Angela Merkel should heed Emmanuel Macron’s call for restitution to Africa, say critics
Berlin’s longest-standing African is 13 metres tall and carries in his bones the wisdom of 150m years. The skeleton of the Brachiosaurus brancai, the star of the city’s natural history museum, was dug up by a German paleontologist between 1909 and 1913 in Tanzania, then part of the German empire’s largest colony.
When the French president, Emmanuel Macron, announced last November that he wanted to use his presidency to lay the ground for “the temporary or permanent restitution of African patrimony to Africa”, many thought the time had come for the dinosaur to head back home.
But, six months later, the Berlin Brachiosaurus is not moving an inch: a sign, activists and historians say, that Merkel’s government is failing to respond to Macron’s call with a similarly bold message, and that German museums are dragging their feet.
New guidelines on the restitution of objects from “colonial contexts” were unveiled by the German culture minister, Monika Grütters, on Monday. She accepted the need to re-examine the provenance of objects amassed not just in the three decades in which Germany emulated other European states empire-building on the African continent, but during a colonial period defined as stretching back to the 15th-century conquistadores and into the present day.
Grütters said she wanted to continue the politics of remembrance that had had “a great share in shaping Germany’s reputation in the world”. She said: “For too long, the colonial period has been a blind spot in our remembrance culture, and reassessing it is part of our responsibility in Germany towards former colonies.”
But while Germany’s first official definition of colonial contexts is surprisingly broad, critics say the bar for restitution claims has been set discouragingly high.
The non-binding guidelines state that returning artefacts with a problematic history to their country of origin must not be a “compulsory solution”, and should be considered mainly for objects that violated the “legal and ethical standards” in the former colonies at the time.
Eckart Köhne, the director of the German museums association, said of Macron’s appeal: “If that is an appeal that means museum collections should be packed wholesale into a lorry and shipped abroad, then we do not consider that the right way.”
Activists have criticised the new document as a clear rejection of the French president’s initiative. “The guidelines are an attempt to preserve vested colonial interests that is doomed to failure”, said Tahir Della of the initiative for black people in Germany (ISD).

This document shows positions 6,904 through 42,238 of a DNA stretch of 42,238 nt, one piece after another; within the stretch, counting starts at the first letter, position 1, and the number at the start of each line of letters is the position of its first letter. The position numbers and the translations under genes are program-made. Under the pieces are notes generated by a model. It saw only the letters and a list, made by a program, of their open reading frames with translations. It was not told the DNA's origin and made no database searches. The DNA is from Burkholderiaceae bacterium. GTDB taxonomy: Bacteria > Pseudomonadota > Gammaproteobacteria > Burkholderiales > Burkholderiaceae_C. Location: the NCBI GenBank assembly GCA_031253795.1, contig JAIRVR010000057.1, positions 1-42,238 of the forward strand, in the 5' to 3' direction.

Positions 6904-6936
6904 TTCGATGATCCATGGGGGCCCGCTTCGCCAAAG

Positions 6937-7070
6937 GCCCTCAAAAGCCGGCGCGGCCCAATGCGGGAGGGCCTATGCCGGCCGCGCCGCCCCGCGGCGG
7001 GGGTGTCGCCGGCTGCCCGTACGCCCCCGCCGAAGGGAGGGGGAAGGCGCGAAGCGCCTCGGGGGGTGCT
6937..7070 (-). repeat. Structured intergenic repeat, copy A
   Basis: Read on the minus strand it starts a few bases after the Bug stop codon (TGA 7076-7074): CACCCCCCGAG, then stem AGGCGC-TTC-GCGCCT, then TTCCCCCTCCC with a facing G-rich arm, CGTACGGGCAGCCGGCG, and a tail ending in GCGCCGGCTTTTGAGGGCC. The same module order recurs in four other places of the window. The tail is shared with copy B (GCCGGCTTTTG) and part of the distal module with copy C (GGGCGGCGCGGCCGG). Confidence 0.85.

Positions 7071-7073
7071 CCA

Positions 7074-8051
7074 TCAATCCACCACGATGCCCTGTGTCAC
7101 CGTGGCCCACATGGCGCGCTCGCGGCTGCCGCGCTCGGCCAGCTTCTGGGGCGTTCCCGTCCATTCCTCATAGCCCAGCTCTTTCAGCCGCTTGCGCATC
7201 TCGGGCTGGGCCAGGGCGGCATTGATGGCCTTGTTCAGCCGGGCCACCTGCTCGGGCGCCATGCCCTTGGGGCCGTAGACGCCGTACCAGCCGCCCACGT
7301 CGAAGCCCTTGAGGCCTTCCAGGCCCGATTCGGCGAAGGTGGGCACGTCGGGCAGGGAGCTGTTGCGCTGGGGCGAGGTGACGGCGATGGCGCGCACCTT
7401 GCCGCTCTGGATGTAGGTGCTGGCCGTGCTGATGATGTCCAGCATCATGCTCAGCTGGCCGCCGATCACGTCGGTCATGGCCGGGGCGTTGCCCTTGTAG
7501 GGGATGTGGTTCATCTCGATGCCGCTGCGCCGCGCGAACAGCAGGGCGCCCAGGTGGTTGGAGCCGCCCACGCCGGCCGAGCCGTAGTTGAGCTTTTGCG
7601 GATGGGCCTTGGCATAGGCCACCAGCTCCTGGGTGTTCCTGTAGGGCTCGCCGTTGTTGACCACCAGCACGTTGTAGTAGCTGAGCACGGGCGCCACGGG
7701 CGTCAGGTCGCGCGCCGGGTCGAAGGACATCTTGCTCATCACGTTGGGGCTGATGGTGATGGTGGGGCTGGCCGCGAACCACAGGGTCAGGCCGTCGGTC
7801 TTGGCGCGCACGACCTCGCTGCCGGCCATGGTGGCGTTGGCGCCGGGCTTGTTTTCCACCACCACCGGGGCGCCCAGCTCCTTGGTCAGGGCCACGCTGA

“Every day, members of the communities of African origin in Africa and here in the diaspora have a better picture of which of their looted treasures lie in the cellars of European museums, and they won’t rest until they have got back what belongs to them.”
“German museums need a strong signal from the government,” said Jürgen Zimmerer, a historian of colonialism at Hamburg university who also contributed to the new guidelines. “There needs to be a clear indication of a political will to engage with the colonial period. Without it, the impression prevails that for Germany this is only about money.”
Macron’s comments have focused public debate in Germany about the country’s “colonial blindspots” as Berlin prepares for the opening of the controversial Humboldt Forum in 2019, which will unite the city’s ethnographic and Asian art collections in a reconstruction of its Prussian-era palace.
On Wednesday, Berlin’s Prussian cultural heritage foundation formally returned nine objects from the city’s collection to the Chugach Alaska Corporation, which represents indigenous peoples from south-western Alaska.
A research project had revealed that the artefacts – including two broken masks, a child’s cradle, and a wooden idol – had been removed unlawfully from Alaskan native graves by the Norwegian ethnologist Johan Adrian Jacobsen in the 1880s.
More prominent objects in Berlin’s collection, such as the Brachiosaurus brancai, however, are unlikely to be moved by the new restitution drive.
The excavation of the colossus from Tanzania’s fossil-rich Tendaguru formation started in 1909, two years after colonial powers in German east Africa had squashed an armed uprising known as the Maji Maji rebellion, resulting in the deaths of 250,000–300,000 people from the local population.
But a three-year research project into the conditions of the dig, funded by the German federal ministry for education and research to be published later this year, found that the Brachiosaurus’s bones were dug up under conditions of “fair” pay, without slave labour, said the natural history museum’s director, Johannes Vogel.
Vogel told the Guardian that the dinosaur, the tallest mounted skeleton in the world, was not a cash cow for his museum but a live research object that was expensive to maintain.
Earlier this month, Tanzania’s foreign minister, Augustine Mahiga, waived demands for the restitution of plundered cultural artefacts from the colonial period.
Speaking at a meeting with the German foreign minister, Heiko Maas, in Dar es Salaam, Mahiga said the dinosaur “does not belong to Germany or Tanzania” but should be considered a piece of world heritage, and praised the museum’s treatment of the remains. “The German taxpayer pays a lot of money to preserve it,” he said. The Tanzanian government is a recipient of German development aid.
Instead of restituting the skeleton to Tanzania, Vogel said, the museum was proposing a programme whereby Berlin would help train up Tanzanian palaeontologists and technical workers to explore the large uncharted sections of the Tendaguru formation.